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A serious non-fact from Obama’s Teddy Roosevelt speech

A serious non-fact from Obama’s Teddy Roosevelt speech
by Eric Black

Looping back a week to Pres. Obama’s last major speech, the one in Kansas channeling Teddy Roosevelt and talking extensively about the maldistribution of U.S. wealth and income: an old friend of the blog urged me to read the fact-check of the speech by Glenn Kessler of the Washington Post.

Kessler, as usual, did an excellent job of finding the half-truths and at least one important suspect “fact” for which the White House could not provide any meaningful backup. For example:

Obama referred to the Bush tax cuts as “for the wealthy,” even though those laws also cut taxes significantly for all income tax filers. Obama blamed Bush policies for poor job growth that continues to the present. Since Obama has been president for almost three years and has put in place major policies designed to spur job growth, Kessler suggests he needs to start taking some responsibility for the failure of Obamanomics to so far produce the results that its architects had hoped for and promised.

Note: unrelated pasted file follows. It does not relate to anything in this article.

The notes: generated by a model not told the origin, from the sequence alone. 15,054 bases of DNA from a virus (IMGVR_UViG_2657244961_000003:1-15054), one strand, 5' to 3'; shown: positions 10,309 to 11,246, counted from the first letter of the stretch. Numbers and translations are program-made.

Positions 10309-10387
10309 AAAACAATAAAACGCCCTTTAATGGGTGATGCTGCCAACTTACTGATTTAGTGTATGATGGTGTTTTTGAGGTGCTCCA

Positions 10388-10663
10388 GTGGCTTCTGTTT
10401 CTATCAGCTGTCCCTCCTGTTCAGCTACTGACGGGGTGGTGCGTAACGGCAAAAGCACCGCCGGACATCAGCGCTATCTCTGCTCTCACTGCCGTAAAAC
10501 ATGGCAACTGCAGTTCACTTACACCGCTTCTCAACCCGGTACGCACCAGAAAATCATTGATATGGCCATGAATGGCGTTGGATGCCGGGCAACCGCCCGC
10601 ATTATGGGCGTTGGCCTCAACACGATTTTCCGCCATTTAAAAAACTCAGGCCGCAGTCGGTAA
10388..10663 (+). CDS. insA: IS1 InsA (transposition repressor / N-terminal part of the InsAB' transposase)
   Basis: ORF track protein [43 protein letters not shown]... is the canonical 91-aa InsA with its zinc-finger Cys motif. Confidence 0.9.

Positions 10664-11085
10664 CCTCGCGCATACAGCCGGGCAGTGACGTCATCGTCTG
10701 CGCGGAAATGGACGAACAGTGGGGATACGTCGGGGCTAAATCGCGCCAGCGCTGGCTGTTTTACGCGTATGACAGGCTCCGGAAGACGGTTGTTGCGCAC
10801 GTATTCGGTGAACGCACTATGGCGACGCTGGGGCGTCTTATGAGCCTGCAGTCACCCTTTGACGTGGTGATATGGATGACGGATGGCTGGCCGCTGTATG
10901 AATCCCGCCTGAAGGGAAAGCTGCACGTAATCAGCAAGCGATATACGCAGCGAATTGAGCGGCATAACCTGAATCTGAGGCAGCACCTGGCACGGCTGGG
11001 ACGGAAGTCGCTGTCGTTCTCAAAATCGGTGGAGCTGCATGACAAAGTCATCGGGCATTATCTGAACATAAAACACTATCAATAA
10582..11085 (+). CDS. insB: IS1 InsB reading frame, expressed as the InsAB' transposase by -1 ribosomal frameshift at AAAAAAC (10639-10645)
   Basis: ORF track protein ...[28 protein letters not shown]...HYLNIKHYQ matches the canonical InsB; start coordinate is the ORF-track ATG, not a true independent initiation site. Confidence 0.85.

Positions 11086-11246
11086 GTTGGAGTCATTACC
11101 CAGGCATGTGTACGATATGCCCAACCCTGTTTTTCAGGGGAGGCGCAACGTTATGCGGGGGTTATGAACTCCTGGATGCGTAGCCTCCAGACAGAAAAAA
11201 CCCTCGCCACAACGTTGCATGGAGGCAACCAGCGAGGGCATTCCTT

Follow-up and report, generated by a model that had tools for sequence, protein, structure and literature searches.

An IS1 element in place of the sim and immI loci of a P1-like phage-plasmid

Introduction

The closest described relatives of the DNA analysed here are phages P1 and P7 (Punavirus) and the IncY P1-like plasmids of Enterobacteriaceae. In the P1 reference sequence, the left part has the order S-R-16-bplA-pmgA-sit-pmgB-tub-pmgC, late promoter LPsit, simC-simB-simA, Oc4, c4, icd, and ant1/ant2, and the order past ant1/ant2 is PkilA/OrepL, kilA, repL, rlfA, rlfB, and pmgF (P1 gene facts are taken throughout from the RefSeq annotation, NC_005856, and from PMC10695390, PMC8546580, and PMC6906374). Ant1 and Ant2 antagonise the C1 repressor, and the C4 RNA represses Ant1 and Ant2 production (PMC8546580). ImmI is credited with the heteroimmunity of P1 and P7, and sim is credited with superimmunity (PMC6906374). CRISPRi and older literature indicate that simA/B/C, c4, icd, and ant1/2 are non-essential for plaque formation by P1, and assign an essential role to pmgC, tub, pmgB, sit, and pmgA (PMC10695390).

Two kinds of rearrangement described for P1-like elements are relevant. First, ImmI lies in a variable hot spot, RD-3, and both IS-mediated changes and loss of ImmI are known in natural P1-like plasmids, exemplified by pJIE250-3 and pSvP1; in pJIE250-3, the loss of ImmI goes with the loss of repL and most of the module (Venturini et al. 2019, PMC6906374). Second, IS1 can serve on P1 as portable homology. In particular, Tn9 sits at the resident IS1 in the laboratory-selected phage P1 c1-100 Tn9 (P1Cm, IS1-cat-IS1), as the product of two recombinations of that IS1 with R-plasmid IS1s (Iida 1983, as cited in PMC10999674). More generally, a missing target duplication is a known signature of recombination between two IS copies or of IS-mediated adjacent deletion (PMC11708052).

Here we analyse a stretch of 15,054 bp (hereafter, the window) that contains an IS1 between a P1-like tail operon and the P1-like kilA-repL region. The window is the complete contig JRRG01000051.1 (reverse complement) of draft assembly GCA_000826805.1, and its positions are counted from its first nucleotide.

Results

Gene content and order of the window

These are complicated arguments, not black and white issues of truth or falsity, but I appreciate Kessler’s approach, which is to add context so that a reader can understand which half of a half-truth is, let’s say, a self-serving oversimplification.

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But one Obama statement was worse than that, which is why Kessler gave the speech “three pinocchios.”

Obama said flatly that: “Some billionaires have a tax rate as low as 1 percent. One percent.”

He shouldn’t have said it.

To cut to the chase, the White House offers no backup for that statement other than a similar statement made on the air by a Bloomberg news correspondent doing a piece on rich people’s tax strategies, and even that correspondent offered no examples, no backup and no hint of the source for the claim.

This was no off-the-cuff remark, but a statement in a major presidential address. It should be held the highest standard of accuracy and against that standard, it fails badly.

Politifact, by the way, followed Kessler and checked the same track and rated it “mostly false.”